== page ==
7 Ft. trays (troughs)... how to.


I have been getting requests from customers about this tray. I have a picture of it somewhere else in my site, now, everyone wants to have it. This is a new version of tray, I used to make 2 trays from one sheet of Coroplast, now I make 3 trays. Photos may look a bit different from the end product.

First of all, these trays are made...by you and they are manufactured out of a plastic sheet called Coroplast. It is the same product the bins and tubs the post office uses are made out of. Coroplast comes in a variety of colors and thicknesses. It is hollow. They call this fluted plastic. It is very light and strong, however it is not too hard to work with it once you learn a few tricks.The standard thickness is 4 mm (1/8") and the standard color is white, which is also cheaper.

To find out who sells this material locally, contact the Coroplast people in Canada on their web site, Coroplast.com. I have found at least 4 dealers in my area and prices vary from $8 per sheet to $15 per sheet. Sheets are the standard 4X8 ft.

To build these trays, the first thing you want to do is to ask your dealer to cut it for you. It is very hard to work with an 8 ft long sheet of plastic and keep your lines straight. You can get 3 trays out of one sheet, so you ask him to cut the sheets in 16 inch wide pieces. Each tray will then be made out of a 16" by 8 ft. Coroplast.

Scoring

Each tray is 7" wide. If you have one of those tools that have a little wheel at the end and is used in reparing window screens, it is the perfect tool to score the coroplast. In lieu of that, you can fashion a plastic tool with a rounded end ( I have used the back end of a pen and it works). The idea is to make two scoring lines along the entire length of the 8 ft. sheet without cutting thought the plastic. Each scoring line is 4.5" parallel to the edges, and 7" apart.

Once you have done this, you can easily and carefully bend the tray to make it look like the final product without the ends.

Working the ends

Rather that explaining all this, please follow the photo included here.

Cut the plastic with a utility knife. It goes very easy if you are working with the grain, but you need to press hard if cutting perpendicular to it. Finish the tray by bending the large flap first and the small ones over the large one. Drill 2 small holes and install a tie wrap to hold the tray together.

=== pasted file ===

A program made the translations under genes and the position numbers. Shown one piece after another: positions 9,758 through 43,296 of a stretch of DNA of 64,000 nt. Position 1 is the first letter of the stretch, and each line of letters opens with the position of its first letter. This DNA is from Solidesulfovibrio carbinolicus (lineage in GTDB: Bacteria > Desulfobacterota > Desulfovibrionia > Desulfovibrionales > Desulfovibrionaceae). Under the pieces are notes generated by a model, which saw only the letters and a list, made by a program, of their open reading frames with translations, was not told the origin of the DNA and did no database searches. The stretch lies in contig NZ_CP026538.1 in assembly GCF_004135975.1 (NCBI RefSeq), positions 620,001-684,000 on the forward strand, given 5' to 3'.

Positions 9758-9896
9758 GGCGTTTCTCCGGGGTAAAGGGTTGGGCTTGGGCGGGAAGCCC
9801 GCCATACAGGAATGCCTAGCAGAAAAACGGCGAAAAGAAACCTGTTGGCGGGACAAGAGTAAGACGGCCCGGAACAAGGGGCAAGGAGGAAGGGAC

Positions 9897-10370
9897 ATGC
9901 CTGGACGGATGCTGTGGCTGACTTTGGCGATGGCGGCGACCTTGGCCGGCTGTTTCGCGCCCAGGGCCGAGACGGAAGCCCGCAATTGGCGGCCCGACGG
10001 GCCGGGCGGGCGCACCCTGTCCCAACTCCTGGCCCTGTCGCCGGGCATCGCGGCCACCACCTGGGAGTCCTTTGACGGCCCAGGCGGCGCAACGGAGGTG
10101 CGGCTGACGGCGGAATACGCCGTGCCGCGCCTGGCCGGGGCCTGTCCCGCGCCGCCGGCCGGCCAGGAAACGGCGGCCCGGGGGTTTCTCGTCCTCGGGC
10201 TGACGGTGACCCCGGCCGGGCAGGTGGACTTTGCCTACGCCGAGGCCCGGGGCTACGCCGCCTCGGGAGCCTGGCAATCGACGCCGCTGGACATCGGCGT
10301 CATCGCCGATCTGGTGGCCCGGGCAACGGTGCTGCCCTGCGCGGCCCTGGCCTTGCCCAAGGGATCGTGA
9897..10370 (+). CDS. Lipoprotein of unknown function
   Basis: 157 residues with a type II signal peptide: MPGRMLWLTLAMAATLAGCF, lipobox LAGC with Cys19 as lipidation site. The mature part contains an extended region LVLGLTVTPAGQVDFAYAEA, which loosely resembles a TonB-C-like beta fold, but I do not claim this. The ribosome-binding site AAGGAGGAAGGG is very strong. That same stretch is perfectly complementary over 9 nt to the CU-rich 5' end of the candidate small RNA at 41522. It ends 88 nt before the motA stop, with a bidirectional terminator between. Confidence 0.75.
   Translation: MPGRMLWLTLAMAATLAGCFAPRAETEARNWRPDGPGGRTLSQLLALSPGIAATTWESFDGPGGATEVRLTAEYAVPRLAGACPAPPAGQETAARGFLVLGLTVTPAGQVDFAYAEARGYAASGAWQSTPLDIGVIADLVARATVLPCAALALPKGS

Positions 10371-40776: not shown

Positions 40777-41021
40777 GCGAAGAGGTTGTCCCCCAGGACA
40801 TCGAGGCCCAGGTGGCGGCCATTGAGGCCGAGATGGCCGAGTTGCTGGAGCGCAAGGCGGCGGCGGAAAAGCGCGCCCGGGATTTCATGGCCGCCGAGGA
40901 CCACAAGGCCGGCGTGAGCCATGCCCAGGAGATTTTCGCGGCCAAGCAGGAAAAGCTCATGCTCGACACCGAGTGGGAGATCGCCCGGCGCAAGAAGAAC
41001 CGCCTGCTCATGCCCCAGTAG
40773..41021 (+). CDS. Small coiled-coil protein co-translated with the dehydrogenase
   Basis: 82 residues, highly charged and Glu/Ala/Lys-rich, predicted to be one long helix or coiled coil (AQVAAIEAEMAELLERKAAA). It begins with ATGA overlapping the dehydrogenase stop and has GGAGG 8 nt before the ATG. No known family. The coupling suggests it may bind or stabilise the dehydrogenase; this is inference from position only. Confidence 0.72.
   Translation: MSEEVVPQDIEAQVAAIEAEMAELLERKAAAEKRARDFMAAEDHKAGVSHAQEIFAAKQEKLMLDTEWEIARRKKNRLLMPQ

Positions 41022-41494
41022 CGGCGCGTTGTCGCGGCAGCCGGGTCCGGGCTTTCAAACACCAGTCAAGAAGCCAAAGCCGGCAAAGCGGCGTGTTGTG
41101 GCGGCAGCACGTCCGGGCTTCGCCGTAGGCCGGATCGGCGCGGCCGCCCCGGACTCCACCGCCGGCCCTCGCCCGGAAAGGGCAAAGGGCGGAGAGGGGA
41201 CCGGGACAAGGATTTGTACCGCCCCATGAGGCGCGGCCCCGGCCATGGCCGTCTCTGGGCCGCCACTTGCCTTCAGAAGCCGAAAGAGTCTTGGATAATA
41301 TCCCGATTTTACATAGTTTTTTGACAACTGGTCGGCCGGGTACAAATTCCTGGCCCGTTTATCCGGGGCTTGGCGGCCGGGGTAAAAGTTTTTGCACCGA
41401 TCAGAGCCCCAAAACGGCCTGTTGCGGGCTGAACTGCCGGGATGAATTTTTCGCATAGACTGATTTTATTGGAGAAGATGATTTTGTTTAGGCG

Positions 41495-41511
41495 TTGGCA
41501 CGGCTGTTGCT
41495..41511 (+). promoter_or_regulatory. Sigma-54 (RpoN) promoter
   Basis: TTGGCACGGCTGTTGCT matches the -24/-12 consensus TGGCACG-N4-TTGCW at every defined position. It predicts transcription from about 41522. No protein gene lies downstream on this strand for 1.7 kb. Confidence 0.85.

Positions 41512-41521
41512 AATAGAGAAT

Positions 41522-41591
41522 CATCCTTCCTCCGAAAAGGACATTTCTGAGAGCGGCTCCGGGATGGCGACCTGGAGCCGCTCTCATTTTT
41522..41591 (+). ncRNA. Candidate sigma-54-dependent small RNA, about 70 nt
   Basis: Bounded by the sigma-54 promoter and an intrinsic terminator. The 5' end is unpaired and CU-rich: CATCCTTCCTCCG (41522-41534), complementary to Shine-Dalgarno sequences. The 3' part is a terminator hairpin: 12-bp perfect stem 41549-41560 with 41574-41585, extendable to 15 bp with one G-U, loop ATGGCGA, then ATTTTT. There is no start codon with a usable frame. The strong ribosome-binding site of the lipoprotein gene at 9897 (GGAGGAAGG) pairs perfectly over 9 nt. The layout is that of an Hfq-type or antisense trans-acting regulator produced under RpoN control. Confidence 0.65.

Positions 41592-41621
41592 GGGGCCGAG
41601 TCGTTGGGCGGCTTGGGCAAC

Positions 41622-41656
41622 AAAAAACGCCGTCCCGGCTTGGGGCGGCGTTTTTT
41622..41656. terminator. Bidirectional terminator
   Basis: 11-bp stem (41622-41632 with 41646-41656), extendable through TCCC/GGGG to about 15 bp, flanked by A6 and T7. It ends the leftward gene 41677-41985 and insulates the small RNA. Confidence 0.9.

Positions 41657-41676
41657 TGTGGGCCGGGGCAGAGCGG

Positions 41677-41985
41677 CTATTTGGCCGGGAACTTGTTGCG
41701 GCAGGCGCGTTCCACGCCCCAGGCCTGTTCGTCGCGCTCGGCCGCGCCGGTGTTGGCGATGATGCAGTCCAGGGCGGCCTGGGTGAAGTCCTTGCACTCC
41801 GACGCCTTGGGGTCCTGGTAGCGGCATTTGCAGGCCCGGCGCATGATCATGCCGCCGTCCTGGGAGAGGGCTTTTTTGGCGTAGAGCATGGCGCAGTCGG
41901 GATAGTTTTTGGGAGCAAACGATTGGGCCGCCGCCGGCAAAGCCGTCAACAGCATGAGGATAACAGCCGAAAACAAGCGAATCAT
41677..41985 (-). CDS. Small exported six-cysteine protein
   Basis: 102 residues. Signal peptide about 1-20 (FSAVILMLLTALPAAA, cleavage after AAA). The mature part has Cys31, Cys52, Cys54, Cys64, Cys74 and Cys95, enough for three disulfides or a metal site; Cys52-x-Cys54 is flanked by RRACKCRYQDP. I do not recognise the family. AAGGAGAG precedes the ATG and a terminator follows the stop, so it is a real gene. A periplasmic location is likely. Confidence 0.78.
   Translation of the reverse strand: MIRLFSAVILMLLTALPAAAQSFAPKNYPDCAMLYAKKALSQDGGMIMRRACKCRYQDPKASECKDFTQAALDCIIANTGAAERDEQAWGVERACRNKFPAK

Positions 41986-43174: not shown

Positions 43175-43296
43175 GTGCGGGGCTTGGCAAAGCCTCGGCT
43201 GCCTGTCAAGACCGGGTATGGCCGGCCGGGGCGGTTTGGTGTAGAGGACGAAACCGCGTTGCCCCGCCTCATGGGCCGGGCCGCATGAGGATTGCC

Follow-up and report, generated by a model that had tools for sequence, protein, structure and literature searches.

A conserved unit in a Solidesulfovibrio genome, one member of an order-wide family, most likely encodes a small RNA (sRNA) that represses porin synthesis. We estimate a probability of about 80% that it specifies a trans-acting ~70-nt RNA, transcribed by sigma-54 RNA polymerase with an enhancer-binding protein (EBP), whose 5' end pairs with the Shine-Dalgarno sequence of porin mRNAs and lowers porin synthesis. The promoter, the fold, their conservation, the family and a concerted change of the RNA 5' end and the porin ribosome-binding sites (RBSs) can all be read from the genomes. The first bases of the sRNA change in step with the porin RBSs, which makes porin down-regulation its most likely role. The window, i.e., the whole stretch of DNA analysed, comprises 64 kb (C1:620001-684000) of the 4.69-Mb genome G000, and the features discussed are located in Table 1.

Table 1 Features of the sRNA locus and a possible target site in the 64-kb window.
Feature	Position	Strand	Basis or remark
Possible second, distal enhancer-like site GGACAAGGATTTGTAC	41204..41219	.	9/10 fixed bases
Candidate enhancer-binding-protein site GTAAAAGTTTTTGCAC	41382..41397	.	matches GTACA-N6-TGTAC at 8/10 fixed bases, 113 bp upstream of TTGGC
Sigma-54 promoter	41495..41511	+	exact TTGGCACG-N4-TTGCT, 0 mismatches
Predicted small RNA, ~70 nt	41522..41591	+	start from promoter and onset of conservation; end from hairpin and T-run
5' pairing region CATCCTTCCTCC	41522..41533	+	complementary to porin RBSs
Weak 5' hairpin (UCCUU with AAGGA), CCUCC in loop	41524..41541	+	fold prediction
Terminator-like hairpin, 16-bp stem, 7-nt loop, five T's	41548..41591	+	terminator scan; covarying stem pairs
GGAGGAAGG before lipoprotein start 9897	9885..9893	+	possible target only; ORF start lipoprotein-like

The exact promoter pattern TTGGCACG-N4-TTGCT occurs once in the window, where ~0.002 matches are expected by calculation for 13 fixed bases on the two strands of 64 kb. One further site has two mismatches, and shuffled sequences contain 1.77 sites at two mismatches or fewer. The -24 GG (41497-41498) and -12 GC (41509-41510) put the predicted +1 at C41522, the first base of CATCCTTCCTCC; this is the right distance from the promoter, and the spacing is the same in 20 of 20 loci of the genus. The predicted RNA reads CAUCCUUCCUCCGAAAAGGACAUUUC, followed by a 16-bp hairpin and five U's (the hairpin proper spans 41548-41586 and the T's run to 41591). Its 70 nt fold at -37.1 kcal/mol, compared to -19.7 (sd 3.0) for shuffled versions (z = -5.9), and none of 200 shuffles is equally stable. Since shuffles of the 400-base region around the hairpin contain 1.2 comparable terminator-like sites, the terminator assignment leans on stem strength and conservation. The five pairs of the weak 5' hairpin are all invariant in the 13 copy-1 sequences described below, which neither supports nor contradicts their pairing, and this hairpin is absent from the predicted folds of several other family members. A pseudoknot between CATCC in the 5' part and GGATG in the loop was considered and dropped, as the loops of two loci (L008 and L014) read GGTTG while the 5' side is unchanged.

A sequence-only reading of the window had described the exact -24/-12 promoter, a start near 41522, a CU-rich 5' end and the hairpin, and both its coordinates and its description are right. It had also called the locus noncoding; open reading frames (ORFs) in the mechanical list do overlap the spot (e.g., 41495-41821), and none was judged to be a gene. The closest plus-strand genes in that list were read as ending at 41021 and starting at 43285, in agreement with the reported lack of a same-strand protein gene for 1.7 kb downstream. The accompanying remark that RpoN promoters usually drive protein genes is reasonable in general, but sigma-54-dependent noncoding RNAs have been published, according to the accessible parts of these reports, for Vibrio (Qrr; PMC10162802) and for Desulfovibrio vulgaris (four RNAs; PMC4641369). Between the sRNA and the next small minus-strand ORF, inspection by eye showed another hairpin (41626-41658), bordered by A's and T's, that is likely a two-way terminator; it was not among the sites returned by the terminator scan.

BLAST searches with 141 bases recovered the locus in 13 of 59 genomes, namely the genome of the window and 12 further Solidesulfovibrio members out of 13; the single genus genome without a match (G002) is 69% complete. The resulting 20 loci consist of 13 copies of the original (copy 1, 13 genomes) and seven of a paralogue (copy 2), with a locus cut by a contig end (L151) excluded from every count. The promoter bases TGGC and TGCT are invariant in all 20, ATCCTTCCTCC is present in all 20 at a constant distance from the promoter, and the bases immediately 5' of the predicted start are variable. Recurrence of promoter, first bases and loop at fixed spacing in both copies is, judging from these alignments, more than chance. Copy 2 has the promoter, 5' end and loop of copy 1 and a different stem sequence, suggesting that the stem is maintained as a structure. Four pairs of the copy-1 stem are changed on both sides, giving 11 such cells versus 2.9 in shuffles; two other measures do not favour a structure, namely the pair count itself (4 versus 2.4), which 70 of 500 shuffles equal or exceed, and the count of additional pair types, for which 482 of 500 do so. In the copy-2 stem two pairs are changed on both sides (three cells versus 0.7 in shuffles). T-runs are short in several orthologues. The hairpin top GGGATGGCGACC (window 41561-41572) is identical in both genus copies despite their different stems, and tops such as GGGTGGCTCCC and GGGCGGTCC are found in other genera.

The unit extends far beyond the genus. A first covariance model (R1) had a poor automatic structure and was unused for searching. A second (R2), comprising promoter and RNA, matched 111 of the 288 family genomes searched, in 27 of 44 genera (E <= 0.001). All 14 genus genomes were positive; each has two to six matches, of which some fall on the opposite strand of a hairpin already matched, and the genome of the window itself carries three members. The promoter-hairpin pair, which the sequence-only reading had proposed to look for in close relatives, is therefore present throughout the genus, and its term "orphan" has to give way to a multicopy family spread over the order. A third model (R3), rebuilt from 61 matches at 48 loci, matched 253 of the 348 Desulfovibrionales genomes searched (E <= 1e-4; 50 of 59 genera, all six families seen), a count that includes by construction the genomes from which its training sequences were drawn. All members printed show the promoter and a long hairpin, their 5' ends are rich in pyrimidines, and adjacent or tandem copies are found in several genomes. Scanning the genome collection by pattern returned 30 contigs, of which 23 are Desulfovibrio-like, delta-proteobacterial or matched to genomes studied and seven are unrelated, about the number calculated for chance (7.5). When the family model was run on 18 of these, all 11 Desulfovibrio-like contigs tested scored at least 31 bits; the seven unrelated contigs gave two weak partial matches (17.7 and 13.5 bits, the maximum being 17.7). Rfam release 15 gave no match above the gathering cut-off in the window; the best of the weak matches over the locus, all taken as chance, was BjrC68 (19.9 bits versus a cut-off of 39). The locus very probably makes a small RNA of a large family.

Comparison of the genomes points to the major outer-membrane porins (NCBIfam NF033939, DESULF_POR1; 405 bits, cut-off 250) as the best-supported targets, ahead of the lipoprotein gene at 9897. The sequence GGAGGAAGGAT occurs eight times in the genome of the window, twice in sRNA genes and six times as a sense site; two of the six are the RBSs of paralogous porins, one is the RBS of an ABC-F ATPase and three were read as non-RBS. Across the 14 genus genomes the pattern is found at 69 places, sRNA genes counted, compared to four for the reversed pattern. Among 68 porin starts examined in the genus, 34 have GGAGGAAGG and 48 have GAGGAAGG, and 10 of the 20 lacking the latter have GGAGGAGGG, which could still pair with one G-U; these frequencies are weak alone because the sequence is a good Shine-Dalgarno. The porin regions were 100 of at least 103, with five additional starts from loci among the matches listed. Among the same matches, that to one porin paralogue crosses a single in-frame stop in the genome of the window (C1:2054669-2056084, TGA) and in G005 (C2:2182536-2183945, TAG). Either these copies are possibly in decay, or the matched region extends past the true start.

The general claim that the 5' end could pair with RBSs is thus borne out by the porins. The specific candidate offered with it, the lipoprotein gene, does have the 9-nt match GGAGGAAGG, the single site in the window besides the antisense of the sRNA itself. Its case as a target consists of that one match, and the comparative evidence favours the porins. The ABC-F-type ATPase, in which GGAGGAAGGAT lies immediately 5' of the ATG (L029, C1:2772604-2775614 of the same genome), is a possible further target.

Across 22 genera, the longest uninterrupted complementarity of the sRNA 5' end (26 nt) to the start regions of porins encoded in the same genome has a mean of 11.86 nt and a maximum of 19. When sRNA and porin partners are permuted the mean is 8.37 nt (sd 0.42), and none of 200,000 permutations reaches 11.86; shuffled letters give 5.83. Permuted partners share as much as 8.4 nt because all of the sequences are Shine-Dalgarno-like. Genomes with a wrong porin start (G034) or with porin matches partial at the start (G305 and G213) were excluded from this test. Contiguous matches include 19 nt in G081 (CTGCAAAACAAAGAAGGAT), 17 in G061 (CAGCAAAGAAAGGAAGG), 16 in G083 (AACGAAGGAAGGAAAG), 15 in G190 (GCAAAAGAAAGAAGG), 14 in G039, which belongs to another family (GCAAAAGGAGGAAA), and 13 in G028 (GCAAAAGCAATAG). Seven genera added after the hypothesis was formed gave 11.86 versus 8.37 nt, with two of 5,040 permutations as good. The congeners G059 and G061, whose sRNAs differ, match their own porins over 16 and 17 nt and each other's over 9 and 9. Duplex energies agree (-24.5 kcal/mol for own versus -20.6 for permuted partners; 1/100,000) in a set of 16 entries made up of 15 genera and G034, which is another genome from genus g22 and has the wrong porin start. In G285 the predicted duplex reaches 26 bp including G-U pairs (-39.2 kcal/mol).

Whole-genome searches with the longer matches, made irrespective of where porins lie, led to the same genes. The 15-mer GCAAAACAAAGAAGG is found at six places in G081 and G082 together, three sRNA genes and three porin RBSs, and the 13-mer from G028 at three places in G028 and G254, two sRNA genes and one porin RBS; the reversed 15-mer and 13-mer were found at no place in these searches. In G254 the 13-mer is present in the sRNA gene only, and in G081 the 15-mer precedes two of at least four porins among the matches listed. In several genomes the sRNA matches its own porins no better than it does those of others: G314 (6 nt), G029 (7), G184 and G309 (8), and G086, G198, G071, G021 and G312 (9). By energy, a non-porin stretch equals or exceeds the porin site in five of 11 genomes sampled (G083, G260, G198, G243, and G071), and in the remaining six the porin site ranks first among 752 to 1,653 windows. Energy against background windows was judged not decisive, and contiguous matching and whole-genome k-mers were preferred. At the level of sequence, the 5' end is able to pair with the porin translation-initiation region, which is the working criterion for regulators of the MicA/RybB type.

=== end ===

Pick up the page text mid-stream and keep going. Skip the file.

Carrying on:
. If you want the tray to be waterproof, just put a drop of gook (Home depot, paint department, purple tube $3.95) in each corner. Now you need to have some support so the tray does not loose shape when you load it with your bags. I use aluminum wire that I purchase from a welding shop. (About $8 per pound) It is called aluminum rod, and it is used to weld aluminum but I use it to hold my trays together. I cut it in 16.5" pieces. bend the wire so that it wraps around your tray 4.5"'X7"X4.5". The very end of this wire is bent inwards so it fits under the tray and holds it together.

This tray cannot go on the ground, unless it is paved and level. I use 3 thin cinder blocks under each tray. My garden is built on fine stone, I position the blocks in straight line and I have 5 trays in each row. The most tedious job is to level the blocks in groups of 3s so the trays are perfectly level in all directions. Once this is done, just put your trays on top of them. If you want to be able to drain your trays,, drill a .5" hole on one corner (will take the place of one bag) and be sure you are consistent, all holes on the same side. You will need to patch up the hole when you water the trays, so, get some .5 inch CPVC pipe and cut it in short lengths, about a foot each and paint one end some fluorescent color so you can see when the pipes are in place. Now you need irrigation.

I have 10 rows (5 trays in each). I need to have 10 lengths of tape. The tape I use is made by Roberts, it comes in a 1640 ft. roll and it has emitters every 4 inches, just perfect for my needs. It is about .5" around when under pressure. Tape needs to be replaced every once in a while when it gets clogged up or it develops a hole. No big deal, the roll will go a long way.

Water gets to my garden via a garden hose. There I go into 3/4" PVC. Get gray if you can find, it prevents algae from forming inside the pipe. Run a length of pipe along one end of the rows and put Tees every place where you have a row. You can also put a valve at each one of these points to prevent water from going into a row whenever you wish to do so. Tape adapters can be purchased from your AG supplier. Now you need to marry that adapter to the pipe or the valve. Here is where you can run into trouble if you are not careful. There are two sets of threads, pipe and hose. You can go either way but be sure to buy all your hardware before you build anything, that way you will not have any surprises. Just remember, hose will not fit pipe and vice versa.

You will also need a pressure regulator or you will burst your tape.

Don't forget to buy ends for the tape, These ends close the free ends of the tape.

Final inside dimensions of this tray are 80.5" long by 6.25" wide by 4.5" high. When you place in the garden be sure it is level .

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